Apple's optimal product failure rate

Yesterday, Apple announced new mobile products: a new iPhone 5 and iPod touch (in their taller modes) and a new iPod nano. Of course, the views on the iPhone to all this ranged from “it’s only an incremental improvement, but that’s OK it is still leads the field” to “it’s only an incremental improvement, Apple have lost it.” So there is no real disagreement as to what the iPhone 5 is (part of a process of continual improvement as the market leader) but there is disagreement as to what it represents about Apple internally.

Let’s start with one obvious thing: what does this mean for Apple’s immediate outlook? The answer is, nothing. Each year Apple have introduced an new iPhone and each year it has outsold all previous iPhones combined. That makes each previous generation a sales disaster but no one seems to remember it that way. Will that happen again this year? Most likely. People get iPhones on 2 year contracts and those expire and they upgrade. The iPhone 4 was a big hit and so one can expect many will upgrade. Now can this exponential growth sustain itself? No. So eventually, iPhone sales will grow with the market.

The harder issue is what this all means for Apple in the long-term. For that, the iPhone is a terrible place to look. It is successful. It works. And there is no obvious displacing device on the horizon — as a product category that is. Therefore, one would expect continual incremental evolution. To think otherwise would be to destroy the ecosystem around the iPhone (the iOS platform). As it is just changing the dock connector has caused third party suppliers and invested customers to throw a fit. But let’s face it, those dock connectors were terrible and I think we can all handle a change.

The better place to look is the iPod Nano. Apparently, Apple sell about 5 million iPod Nanos and Shuffles each year but they have been declining over time. This was part of the plan. But what is strange is how much change there is in design. Consider this chart.

The iPod Nano evolved from the very successful iPod Mini basically as storage got larger, smaller in size, more power efficient and cheaper. For the first two generations, it was a small iPod in class design, then it flipped to have a larger screen so that video made more sense, then it went widescreen to emphasise that more before incorporating a video camera. And then, 2010, the Nano dropped the video playback (and camera) to become a small clip on version. You may think, therefore, that Apple had decided that an iPod Nano was a portable music player again perhaps designed for people doing exercise and not watching a screen. But, yesterday, apparently we learned that was no longer the case. The iPod Nano got its video screen back and is no longer as tiny. They wanted to make it a better music player and so wanted it to be easier to navigate music. It is like a thick credit card.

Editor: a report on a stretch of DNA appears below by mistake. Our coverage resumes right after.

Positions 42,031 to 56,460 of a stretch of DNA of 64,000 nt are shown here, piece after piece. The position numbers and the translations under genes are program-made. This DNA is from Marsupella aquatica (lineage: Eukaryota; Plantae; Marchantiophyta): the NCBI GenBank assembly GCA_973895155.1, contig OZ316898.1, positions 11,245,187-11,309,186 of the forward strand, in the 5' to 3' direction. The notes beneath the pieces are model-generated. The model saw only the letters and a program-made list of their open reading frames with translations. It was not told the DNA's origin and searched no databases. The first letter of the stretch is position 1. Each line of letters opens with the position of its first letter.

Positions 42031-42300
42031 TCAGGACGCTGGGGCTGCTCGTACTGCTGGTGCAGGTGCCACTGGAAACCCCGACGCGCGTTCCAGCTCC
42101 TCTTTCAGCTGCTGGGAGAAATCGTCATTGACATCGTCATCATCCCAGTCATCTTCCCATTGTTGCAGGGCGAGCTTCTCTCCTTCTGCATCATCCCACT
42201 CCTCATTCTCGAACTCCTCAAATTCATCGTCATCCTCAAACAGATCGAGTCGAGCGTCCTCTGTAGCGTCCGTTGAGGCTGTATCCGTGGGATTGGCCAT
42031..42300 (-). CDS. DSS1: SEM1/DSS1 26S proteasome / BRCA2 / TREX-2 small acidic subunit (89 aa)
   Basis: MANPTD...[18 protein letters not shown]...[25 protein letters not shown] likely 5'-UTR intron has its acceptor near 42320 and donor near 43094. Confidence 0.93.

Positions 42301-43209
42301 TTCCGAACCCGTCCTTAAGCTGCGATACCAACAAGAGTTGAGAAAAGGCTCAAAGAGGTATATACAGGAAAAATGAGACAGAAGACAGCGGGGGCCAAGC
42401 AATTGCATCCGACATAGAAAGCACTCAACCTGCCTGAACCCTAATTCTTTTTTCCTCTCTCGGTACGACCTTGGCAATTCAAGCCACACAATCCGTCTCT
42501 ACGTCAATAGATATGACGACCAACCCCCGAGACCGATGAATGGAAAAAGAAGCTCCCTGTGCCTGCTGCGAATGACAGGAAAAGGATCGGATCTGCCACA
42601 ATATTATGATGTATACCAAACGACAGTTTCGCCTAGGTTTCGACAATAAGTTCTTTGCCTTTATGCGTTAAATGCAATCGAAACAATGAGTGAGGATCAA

But what was hard to get a sense of was why they did this. The previous ‘watch’ size seemed to provide great portability targeted at people who wanted something portable. The effort in changing has pushed to allow a bigger display but is that critical in a music player? If you want a bigger display, isn’t the iPod touch the way to go? Of course, perhaps the Nano was stuck in the middle. People going for portability got a Shuffle (which itself has gone through iterations — including one error that removed navigation buttons) so what was a Nano for? But, in that case, why kill the old Nano? Apple likes to keep its product lines focussed but one gets the sense that there is some confusion. Indeed, the iPod classic with its big hard disk drive is still for sale and has not been updated for years. Why didn’t this new product become a standard iPod?

To me, it is this iPod Nano that represents the heart of the issues at Apple. They have values that limit product lines and they have values that push them to ‘beat themselves’ in generational design. After all, the iPhone was invented because Apple assessed that the iPod was dead. Moreover, new generation products often have distinct teams charged with beating the old generation. That is what happened with the Nano. It took them two years but a new product was developed and, unlike the iPhone 5, really was a major change from the one before. The question is: did it have a point?

For that we will have to watch and see. But one comforting thing about the iPod Nano and its changes is that Apple continue to experiment and fail. Indeed, shouldn’t we expect that a certain proportion of Apple products introduced each year fail? To be sure, Apple have failures. The worldphone concept (i.e., the ability to use your phone worldwide) in the iPhone 4S has been pulled from the iPhone 5 indicating that Apple haven’t solved the roaming problem. The dock connector was supposed to facilitate innovative add-on hardware but hasn’t done so. Apple just killed Ping, its music social network. And I could go on. But when Apple fails with these products and features, they just fade away. What we haven’t seen as much of lately are failures like the G4 Cube. And if there is a worrying sign about Apple’s future, it is surely that.

[Update: on the other hand, maybe Apple are spending way too much on innovation.]

8 Replies to “Apple's optimal product failure rate”

  1. I don’t understand what you mean by “failures like the G4 cube”. Do you see this as a different kind of failure than the others you mention? Why? What makes it a more desirable kind of failure. I seem to have missed something in your conclusion.

  2. I think the itty bitty nano finally reached a point where it was too small. It’s easy to lose at that size. The only reason I haven’t lost mine is I’m very deliberate about keeping headphones attached to it whenever I put it down, thus making it bigger.

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